The landfill in our living room

Screen-Shot-2020-01-02-at-10.43.54-PM, The landfill in our living room, Archives 1976-2008 Local News & Views

Part 2

by Ahimsa Porter Sumchai, M.D.

My mother would tell the United States Navy the same thing she told her three selfish, ungrateful children: “Clean up the mess in the living room before you leave!”

Every elementary school child in Bayview Hunters Point needs to understand the alphabet, the multiplication tables, the interpretation of air monitoring data and landfill gas basics.

The Agency for Toxic Substances and Disease Registry provides basic information about landfill gas, what it is composed of, how it is produced, and the conditions affecting its production, in an “Overview for Environmental Health Professionals.” Landfill gas is composed of a mixture of different gases. By volume, landfill gas typically contains 45 to 60 percent methane and 40 to 60 percent carbon dioxide. It also includes small amounts of nitrogen, oxygen, ammonia, sulfides, hydrogen, carbon monoxide and volatile organic compounds (VOCs) like benzene.

Landfill gas is produced by three processes – bacterial decomposition, volatilization and chemical reactions. Most landfill gas is produced when organic waste is broken down by bacteria present in the waste and in soil used to cover the landfill. Organic waste includes food, domestic garbage, wood and paper products.

The industrial landfill located on Parcel E of the Hunters Point Shipyard is known to contain potentially flammable petroleum products, construction debris, irradiated animal carcasses, human feces and lead based paint, pesticides and solvents.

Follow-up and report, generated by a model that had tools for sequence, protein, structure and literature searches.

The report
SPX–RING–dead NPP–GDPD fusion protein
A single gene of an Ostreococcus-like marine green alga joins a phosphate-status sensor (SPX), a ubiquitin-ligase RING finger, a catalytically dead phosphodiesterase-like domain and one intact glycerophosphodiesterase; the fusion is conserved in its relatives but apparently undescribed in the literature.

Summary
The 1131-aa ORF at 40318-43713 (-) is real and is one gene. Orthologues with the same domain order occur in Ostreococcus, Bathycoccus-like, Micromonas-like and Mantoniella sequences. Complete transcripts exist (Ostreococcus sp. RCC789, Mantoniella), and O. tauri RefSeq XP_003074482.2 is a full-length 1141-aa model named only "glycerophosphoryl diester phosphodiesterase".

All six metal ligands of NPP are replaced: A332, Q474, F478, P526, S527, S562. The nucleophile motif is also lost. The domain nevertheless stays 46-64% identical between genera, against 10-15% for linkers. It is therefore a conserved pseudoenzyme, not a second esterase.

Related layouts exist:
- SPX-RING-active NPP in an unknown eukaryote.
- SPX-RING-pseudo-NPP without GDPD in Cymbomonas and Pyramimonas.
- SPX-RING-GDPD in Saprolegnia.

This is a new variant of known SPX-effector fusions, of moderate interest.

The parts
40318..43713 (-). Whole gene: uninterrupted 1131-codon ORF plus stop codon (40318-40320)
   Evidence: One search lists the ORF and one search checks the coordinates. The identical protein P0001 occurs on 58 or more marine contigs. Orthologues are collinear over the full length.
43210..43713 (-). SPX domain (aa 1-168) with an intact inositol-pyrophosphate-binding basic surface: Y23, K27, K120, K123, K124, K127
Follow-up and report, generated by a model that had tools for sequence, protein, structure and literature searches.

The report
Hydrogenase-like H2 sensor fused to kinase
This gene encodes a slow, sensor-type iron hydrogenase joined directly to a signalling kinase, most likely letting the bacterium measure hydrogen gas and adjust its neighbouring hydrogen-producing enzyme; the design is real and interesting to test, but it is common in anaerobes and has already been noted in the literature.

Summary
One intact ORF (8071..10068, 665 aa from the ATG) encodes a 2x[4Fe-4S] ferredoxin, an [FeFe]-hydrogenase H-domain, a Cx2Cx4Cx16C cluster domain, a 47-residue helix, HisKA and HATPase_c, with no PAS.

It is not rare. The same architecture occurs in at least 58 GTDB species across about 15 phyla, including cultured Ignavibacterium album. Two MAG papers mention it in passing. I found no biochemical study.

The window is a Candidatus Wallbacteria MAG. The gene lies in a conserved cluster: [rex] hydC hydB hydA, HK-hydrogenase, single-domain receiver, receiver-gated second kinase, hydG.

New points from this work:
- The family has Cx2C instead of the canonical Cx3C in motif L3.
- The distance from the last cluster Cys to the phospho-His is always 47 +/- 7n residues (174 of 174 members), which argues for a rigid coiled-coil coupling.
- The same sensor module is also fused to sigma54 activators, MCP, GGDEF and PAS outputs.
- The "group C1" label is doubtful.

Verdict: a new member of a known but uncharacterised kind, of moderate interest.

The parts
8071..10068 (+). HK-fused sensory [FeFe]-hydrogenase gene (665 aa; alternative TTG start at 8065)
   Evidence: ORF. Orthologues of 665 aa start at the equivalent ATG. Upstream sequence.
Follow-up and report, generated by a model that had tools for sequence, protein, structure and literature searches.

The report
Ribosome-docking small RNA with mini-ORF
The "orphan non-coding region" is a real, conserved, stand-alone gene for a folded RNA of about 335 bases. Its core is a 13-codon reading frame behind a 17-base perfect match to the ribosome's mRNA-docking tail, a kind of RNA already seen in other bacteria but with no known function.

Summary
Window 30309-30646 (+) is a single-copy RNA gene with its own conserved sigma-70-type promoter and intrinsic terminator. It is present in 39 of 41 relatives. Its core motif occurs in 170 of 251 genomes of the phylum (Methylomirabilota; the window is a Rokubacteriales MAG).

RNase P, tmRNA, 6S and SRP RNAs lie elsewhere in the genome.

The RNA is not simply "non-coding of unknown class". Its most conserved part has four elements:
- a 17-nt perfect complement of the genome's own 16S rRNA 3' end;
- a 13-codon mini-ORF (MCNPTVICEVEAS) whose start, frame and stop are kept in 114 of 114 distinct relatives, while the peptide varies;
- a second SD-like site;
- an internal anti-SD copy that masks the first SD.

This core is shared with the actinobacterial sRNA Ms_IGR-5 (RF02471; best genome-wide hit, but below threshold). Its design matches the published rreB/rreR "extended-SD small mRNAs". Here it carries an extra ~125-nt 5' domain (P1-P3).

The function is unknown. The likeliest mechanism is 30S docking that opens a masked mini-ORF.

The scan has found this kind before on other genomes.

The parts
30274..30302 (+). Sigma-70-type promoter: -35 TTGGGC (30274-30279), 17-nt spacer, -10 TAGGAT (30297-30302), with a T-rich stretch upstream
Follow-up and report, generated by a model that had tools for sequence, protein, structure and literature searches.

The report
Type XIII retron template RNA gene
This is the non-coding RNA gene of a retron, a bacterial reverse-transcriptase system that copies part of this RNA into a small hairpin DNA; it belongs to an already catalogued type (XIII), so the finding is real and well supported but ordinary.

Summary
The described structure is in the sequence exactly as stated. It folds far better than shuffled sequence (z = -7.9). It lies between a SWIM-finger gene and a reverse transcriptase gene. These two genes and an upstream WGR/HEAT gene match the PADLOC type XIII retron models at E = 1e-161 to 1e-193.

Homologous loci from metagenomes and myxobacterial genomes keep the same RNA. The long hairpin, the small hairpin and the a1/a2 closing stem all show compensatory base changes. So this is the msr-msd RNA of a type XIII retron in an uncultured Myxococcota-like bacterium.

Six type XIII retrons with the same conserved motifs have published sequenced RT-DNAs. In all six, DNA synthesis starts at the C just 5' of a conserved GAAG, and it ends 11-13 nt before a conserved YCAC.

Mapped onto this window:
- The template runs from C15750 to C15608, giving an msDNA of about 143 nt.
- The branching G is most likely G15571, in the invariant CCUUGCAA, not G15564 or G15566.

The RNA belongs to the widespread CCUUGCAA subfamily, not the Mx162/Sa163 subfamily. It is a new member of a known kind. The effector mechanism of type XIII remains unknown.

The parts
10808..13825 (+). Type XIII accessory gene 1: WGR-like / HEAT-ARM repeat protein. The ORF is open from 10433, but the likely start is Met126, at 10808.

Landfill gases are also created when organic compounds change from solid or liquid into a vapor form. This process is known as volatilization. It can be used to explain the presence of VOCs like benzene detected in air monitoring studies at the Shipyard.

Finally, landfill gas can be created by chemical reactions in the waste. Chlorine bleach and ammonia may react to form chlorinated gases like arochlor and chloroform that are consistently detected in Shipyard air monitoring studies.

Several conditions may affect landfill gas production, including the composition of the waste. The more organic waste present the more landfill gas is produced. The age of the waste is also important. Peak landfill gas production usually occurs from five to seven years after the waste is buried. Waste buried less than 10 years produces more landfill gas than does waste buried more than 10 years.

The presence of oxygen in the landfill is also a critical determinant. Methane gas will be produced only when oxygen is no longer present. Moisture in a landfill increases gas production by encouraging bacterial decomposition.

Finally, temperature is the most important factor that I believe transformed the “dormant volcano” of the Parcel E landfill – a landfill that received waste from 1958 through 1974 and was over 28 years old when it caught fire in August of 2000 and by August 2002 was producing methane gas in suffocating, flammable and explosive concentrations as high as 80 percent in air.

As the temperature in a landfill rises, bacterial activity increases, resulting in increased gas production. Increased temperature also increases the rate of volatilization and chemical reactions.

Extra! Extra! Shipyard on fire … Nobody cares!

“The National Response Center requires notification within 30 minutes of a known hazardous substance release to the environment. The California Health and Safety Code requires a report to the State of California Office of Emergency Services and to the local Hazardous Materials Release Response Administering Agency.” – U.S. Navy Integrated Contingency Plan for Hunters Point Shipyard

The May 2001 decision by the federal Environmental Protection Agency to impose a $25,000 fine upon the Navy for its failure to report the August 2000 Parcel E industrial landfill fire illustrated the critical importance of notification requirements both for protecting the health and safety of residents, Shipyard tenants and workers and community business owners and for strategically advancing environmental activists’ goals in Bay View Hunters Point.